Vigabatrin is able to inhibit GABA-AT because of the added vinyl group on the γ-carbon 2. There are two inactivation mechanisms. The major pathway (70%) begins by following the same mechanism as GABA. The Lysine-329 residue in the active site of GABA-AT is originally bound to the 4’-aldehyde of the PLP cofactor through a Schiff base linkage 3. Imine PLP undergoes a transimination with either GABA or vigabatrin. This is then followed by the removal of the γ-proton by the Lysine-329 residue in the active site. However, the presence of the vinyl group allows vigabatrin to be an electrophilic species that can undergo a conjugate addition with the Lys-329 residue in the active site of GABA-T 6. Because of this addition to the lysine in the active site, the vigabatrin molecule sits in the active site and renders it inactive, as GABA can no longer enter the active site and be metabolized by GABA-AT 7. The minor pathway (30%), shown below the major pathway, proceeds to intermediate 4, which undergoes tautomerization through the vinyl group to give intermediate 8. Transimination with Lysine-329 releases enamine 9, which undergoes enamine addition to the Schiff base of the Lysine-329 bound PLP cofactor to give 10, a different covalent adduct that renders GABA-AT inactive.
With most drugs, elimination half-life is a useful predictor of dosing schedules and the time needed to reach steady state concentrations. In the case of vigabatrin, however, it has been found that the half-life of biologic activity is far longer than the elimination half-life.
For vigabatrin, there is no range of target concentrations because researchers found no difference between the serum concentration levels of responders and those of non-responders. Instead, the duration of action is believed to be more a function of the GABA-T resynthesis rate; levels of GABA-T do not usually return to their normal state until six days after stopping the medication.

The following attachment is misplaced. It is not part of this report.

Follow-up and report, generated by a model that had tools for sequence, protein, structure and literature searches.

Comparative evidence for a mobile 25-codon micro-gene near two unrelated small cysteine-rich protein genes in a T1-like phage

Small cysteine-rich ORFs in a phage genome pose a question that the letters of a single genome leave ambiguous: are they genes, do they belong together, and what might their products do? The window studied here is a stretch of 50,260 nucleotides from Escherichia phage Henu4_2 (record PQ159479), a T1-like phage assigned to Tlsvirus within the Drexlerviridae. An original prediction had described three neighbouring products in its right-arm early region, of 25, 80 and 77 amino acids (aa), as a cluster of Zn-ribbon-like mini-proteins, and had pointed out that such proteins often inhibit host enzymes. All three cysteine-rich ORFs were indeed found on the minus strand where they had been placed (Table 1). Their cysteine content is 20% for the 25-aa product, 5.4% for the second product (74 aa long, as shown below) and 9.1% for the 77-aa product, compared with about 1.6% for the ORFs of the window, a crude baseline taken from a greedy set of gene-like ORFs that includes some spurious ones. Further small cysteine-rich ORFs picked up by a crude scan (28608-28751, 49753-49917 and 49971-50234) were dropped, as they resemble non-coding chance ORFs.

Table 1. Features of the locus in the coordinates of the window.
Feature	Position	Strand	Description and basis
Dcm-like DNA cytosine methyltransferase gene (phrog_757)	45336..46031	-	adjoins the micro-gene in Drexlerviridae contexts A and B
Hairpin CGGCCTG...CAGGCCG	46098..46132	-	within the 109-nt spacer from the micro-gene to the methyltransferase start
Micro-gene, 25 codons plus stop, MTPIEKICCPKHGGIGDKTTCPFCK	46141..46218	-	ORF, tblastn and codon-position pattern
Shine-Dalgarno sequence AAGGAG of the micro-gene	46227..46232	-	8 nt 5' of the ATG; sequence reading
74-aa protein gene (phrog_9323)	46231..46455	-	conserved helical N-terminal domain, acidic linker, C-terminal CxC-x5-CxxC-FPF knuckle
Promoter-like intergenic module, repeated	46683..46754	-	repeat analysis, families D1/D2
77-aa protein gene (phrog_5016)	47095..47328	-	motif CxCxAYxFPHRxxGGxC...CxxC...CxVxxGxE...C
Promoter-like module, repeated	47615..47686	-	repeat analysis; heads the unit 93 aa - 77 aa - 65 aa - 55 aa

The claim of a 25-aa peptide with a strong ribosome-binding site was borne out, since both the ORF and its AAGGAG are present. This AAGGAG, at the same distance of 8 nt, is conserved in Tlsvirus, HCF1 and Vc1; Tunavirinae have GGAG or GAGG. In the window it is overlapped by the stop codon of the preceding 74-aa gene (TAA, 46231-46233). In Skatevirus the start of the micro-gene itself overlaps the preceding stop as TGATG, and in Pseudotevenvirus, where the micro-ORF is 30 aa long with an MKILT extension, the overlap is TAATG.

Vigabatrin was developed in the 1980s with the specific goal of increasing GABA concentrations in the brain in order to stop an epileptic seizure. To do this, the drug was designed to irreversibly inhibit the GABA transaminase, which degrades the GABA substrate. Although the drug was approved for treatment in the United Kingdom in 1989, the authorized use of Vigabatrin by US Food and Drug Administration was delayed twice in the United States before 2009. It was delayed in 1983 because animal trials produced intramyelinic edema, however, the effects were not apparent in human trials so the drug design continued. In 1997, the trials were temporarily suspended because it was linked to peripheral visual field defects in humans.
Vigabatrin is sold as Sabril in Canada, Mexico, and the United Kingdom. The brand name in Denmark is Sabrilex. Sabril was approved in the United States on August 21, 2009 and is currently marketed in the U.S. by Lundbeck Inc., which acquired Ovation Pharmaceuticals, the U.S. sponsor in March 2009.
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- drugs.com Vigabatrin Drug Information
- Treatments for Epilepsy - Vigabatrin[permanent dead link] Norfolk and Waveney Mental Health Partnership NHS Trust